The Power of Salt
Salt gives strength, vitality, and energy to power your baby’s body movement. Salt is so essential that it has been used throughout history as a valuable trading commodity and even as a currency for wages. In its whole form, salt has tremendous healing properties and nutritional benefits. When it is refined and stripped of its minerals, excess sodium is known for its relationship to health risks. There is a difference in the quality of refined salt and whole sea salt. The quantity of the salt you give your child can affect his physical, emotional, and mental health.
Babies and children are very sensitive to salt, and monitoring salt intake is one of the most powerful ways you can influence your child’s diet. Beyond its independent nutritional importance, the quality and amount of salt a child consumes determines his attraction to other foods. For example, eating salty foods makes him thirsty and creates a craving for sweets or fruits, and too much salt can cause irritability, insomnia, constipation, tension, and general discomfort.
Even though salt is necessary, it is a very challenging ingredient to manage in cooking and eating for your baby. Determining a balanced quantity can be difficult, considering salt’s addictive properties. Snack and restaurant foods have significantly higher levels of refined salt than home-cooked whole foods, so it is difficult to manage the amount of salt your baby consumes when eating out. Preparing meals at home allows you to regulate your baby’s salt intake and develop a stronger awareness of his physical and emotional responses to it.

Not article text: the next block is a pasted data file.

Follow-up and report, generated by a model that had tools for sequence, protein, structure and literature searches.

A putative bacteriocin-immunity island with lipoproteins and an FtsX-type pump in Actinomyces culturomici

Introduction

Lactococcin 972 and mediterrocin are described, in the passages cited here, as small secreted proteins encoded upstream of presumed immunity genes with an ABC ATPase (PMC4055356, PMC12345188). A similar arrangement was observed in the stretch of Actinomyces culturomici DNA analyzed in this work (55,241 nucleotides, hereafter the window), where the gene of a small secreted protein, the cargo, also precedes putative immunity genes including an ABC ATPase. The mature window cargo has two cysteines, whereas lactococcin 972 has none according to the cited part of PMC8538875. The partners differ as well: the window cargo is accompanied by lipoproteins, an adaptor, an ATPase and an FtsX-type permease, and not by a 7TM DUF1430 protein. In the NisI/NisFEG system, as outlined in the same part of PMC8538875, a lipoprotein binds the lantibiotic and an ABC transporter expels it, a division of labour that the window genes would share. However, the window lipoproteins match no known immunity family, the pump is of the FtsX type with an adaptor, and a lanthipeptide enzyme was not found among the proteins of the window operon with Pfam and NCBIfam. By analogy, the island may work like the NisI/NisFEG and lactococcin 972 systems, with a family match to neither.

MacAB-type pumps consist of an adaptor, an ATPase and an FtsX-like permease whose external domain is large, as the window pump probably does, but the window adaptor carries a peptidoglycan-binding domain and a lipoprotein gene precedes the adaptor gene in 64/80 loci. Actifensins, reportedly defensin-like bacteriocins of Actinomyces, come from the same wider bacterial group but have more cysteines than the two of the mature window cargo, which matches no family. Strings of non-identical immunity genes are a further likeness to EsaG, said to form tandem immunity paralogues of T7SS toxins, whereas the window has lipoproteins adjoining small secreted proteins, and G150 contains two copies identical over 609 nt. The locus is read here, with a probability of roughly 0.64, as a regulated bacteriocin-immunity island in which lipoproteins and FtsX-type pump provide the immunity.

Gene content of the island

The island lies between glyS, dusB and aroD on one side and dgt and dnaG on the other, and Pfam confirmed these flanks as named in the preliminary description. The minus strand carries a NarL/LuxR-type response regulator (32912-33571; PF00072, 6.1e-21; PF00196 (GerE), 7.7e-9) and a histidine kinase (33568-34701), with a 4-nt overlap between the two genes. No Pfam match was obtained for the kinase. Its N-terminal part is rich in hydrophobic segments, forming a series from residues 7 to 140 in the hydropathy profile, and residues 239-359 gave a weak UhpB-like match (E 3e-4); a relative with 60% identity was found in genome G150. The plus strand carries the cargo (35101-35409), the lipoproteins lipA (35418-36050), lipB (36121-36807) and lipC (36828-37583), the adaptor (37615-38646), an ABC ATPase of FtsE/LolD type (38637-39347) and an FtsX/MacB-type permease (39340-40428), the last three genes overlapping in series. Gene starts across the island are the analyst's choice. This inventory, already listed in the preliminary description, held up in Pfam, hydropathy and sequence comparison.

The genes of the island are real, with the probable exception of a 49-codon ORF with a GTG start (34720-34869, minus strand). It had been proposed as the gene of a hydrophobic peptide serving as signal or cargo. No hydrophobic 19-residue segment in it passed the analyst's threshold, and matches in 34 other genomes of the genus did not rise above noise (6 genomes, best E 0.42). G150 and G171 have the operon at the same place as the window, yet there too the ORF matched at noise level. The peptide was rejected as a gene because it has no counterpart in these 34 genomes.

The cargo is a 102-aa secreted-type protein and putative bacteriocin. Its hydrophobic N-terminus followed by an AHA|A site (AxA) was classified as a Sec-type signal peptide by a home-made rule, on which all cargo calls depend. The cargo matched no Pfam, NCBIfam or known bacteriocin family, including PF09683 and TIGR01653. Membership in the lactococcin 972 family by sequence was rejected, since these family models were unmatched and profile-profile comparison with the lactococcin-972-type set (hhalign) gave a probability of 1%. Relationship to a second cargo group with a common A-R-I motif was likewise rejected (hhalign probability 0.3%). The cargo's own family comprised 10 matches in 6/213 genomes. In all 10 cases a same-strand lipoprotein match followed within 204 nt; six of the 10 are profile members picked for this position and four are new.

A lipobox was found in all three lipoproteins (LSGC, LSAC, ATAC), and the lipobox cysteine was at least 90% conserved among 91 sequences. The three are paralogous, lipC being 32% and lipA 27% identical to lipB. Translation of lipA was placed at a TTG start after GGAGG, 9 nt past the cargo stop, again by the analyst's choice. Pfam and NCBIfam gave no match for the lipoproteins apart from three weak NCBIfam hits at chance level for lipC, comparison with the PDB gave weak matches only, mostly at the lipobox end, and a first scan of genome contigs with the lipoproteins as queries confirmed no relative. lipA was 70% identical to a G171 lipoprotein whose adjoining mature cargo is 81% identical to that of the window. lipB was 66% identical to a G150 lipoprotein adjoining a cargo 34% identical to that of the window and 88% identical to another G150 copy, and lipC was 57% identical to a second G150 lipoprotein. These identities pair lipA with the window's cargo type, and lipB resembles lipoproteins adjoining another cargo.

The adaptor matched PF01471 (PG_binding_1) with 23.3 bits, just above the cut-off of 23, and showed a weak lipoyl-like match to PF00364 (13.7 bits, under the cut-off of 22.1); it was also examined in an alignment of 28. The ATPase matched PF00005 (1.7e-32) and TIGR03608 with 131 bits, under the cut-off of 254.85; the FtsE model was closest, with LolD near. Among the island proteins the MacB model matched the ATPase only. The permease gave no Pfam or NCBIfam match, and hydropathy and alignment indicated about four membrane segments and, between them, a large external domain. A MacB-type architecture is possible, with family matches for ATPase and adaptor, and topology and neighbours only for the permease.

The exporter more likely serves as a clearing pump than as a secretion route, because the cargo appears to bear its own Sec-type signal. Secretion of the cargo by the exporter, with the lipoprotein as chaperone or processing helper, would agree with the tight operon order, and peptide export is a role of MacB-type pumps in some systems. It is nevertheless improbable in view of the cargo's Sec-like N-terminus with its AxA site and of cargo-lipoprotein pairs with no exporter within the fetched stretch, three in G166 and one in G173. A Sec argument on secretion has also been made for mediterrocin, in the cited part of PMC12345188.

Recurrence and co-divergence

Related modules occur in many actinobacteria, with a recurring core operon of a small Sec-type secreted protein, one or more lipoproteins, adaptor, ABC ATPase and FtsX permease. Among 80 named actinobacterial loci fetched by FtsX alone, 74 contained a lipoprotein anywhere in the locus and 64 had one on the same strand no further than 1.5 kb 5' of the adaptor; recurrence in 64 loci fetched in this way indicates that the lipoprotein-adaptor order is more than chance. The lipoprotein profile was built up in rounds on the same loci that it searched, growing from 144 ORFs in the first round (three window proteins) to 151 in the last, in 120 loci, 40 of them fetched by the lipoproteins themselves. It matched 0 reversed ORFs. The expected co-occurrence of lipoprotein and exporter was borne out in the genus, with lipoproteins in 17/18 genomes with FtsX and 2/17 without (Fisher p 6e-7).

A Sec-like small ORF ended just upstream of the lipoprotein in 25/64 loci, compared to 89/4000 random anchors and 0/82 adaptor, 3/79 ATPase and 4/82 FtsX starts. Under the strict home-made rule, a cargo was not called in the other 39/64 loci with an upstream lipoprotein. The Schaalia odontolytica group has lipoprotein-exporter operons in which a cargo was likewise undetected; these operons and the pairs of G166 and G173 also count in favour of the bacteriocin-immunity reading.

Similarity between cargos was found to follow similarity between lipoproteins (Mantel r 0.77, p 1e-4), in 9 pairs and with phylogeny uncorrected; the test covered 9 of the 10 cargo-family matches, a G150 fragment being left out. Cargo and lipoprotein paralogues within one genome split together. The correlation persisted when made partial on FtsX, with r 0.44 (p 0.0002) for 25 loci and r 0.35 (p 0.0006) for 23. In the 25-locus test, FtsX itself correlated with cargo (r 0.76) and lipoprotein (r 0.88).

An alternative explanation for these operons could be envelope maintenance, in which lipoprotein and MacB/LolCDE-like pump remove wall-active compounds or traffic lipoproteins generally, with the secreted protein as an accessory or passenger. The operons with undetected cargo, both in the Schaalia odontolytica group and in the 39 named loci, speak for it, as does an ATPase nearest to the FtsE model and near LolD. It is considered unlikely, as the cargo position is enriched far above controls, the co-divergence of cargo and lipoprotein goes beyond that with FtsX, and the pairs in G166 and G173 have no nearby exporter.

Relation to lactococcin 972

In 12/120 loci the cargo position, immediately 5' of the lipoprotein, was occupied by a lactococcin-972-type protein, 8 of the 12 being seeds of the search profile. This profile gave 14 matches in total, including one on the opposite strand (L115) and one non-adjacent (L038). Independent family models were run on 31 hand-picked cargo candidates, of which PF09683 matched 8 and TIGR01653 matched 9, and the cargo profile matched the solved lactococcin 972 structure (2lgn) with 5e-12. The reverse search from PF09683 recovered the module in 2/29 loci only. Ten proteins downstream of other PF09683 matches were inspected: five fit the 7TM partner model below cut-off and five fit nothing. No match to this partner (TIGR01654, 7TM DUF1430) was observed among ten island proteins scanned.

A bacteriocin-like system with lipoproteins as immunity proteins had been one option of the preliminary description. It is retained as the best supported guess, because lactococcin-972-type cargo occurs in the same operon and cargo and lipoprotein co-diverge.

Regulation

The Power of Salt
Sodium is the compound that makes salt taste “salty.” Your baby’s body needs sodium to function properly, as it controls fluid balance, regulates his blood pressure and volume, supports the transmission of his nerve impulses, and influences the contraction and relaxation of his muscles. Salt helps your baby’s body maintain a healthy acid-alkaline balance, acts as a digestive agent, and soothes his joints. Sea salt’s high amounts of trace minerals also help his body heal through their response to cell damage and inflammation.
Certain salts can sharpen his brain functions and improve his mental clarity, as well. Despite the need for salt in carrying out bodily functions, too much salt can affect your baby in detrimental ways, including raising his blood pressure or compromising his kidney function. Your baby can become irritable and tense from excess salt. Salt can be addictive, too, creating a cyclical dependency on salty foods, which then cause cravings for sweets, and back again.